In the canals beneath Mexico City and in the lake that surrounds it lives the Axolotl or “Water Monster.” It is an ancient race of up to 2 ft long salamander that Aztecs say are the direct descendent’s of Xototl, the dog headed god of Death. I think they look more like pokemon with their cartoonish eyes and mouths and anime style external gills.
In 1998 the waters of Lake Xochimilco held 1500 axolotl per square mile, when surveyed this year it was a mere 25 per square mile. Scientists are now saying this otherworldly creature may only have five years left on the planet before it succumbs to extinction.
“What are axolotl good for?” you might ask. Well, they’re good for a lot of things. First off they’re inherently good. Then their bizarre appearance and gentle nature make them excellent pets. Or excellent tamales. Their soft flesh is apparently delicious and has been part of the Aztec and Mexican diet as long as there have been people there. The locals also make folk medicine with them.
They’re also true freaks. They become sexually mature adults while still in the larval stage, and can remain larval their entire lives. That’s like a race of polliwogs that breed and grow huge and never turn into frogs. This strange condition makes them able to regrow lost limbs, tails, nerve, heart, and brain cells. Science has long utilized these creatures in studies about regeneration, gene therapy, evolution, fertilization and the cures for certain diseases.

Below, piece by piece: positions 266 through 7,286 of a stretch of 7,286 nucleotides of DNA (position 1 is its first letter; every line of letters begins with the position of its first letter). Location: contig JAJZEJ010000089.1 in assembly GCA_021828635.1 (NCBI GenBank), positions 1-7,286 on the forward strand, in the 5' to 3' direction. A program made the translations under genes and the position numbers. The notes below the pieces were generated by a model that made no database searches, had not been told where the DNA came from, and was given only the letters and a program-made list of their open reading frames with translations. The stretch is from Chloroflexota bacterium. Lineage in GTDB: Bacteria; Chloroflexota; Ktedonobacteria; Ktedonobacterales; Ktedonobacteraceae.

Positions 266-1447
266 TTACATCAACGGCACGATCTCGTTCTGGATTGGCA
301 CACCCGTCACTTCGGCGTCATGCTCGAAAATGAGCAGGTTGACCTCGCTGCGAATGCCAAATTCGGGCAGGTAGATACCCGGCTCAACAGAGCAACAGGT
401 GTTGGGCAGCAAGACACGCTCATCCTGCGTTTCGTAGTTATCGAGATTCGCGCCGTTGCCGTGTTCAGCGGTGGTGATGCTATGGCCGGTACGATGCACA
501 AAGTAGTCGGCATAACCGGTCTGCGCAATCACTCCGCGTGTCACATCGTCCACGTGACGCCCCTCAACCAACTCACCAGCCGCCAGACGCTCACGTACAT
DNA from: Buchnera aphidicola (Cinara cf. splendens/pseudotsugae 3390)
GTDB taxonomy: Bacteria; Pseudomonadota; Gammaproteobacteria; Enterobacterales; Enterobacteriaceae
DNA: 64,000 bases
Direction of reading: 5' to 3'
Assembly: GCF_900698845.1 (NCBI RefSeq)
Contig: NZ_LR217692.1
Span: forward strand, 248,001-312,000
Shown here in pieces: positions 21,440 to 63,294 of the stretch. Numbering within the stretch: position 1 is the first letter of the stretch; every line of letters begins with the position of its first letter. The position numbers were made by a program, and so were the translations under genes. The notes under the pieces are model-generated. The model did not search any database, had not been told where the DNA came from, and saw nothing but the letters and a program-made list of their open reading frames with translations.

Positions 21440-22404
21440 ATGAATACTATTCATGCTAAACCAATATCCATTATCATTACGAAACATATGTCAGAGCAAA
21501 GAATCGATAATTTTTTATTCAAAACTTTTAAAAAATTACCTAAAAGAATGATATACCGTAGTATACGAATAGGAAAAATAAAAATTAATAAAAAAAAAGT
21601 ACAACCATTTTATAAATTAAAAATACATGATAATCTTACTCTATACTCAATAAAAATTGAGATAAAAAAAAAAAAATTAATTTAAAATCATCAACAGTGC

If we save the Axolotl we’ll be preserving a cute, delicious, wonder of nature that may be able to cure us of degenerative nerve diseases and make great pets. That should be more then enough reason to get involved.
They seam to be dying do to a combination of water pollution and the introduction of Tilapia to Lake Xochimilco. The Tilapia eat the axolotls eggs and young.
Scientists are rushing to establish Axolotl sanctuaries, most notably around the Isle of Dolls or La Isla de las MuÃ±ecas, so called because it inhabited by an eccentric old man who fishes doll from the lake and hangs them from every part of the island to ward off evil spirits. Could he be the axolotls savior?
If you’re interested in helping save the water monster, don’t eat Mexican Tilapia for starters. I’ve tried to find the organizations setting up the sanctuaries so that we can be more directly involved. If I get their contact info, I’ll post it here so everyone can help. Apparently it’s not easy to set up a wildlife sanctuary by Mexico City.
The International Union for the Conservation of Nature has put the Axolotl on its critical Red List. The Amphibian Department of the IUCN can be reached at the info below. Please contact them if you’d like to help save the water monster.
Robin Moore, Ph.D
Amphibian Conservation Officer
2011 Crystal Drive, Suite 500
Arlington, VA 22202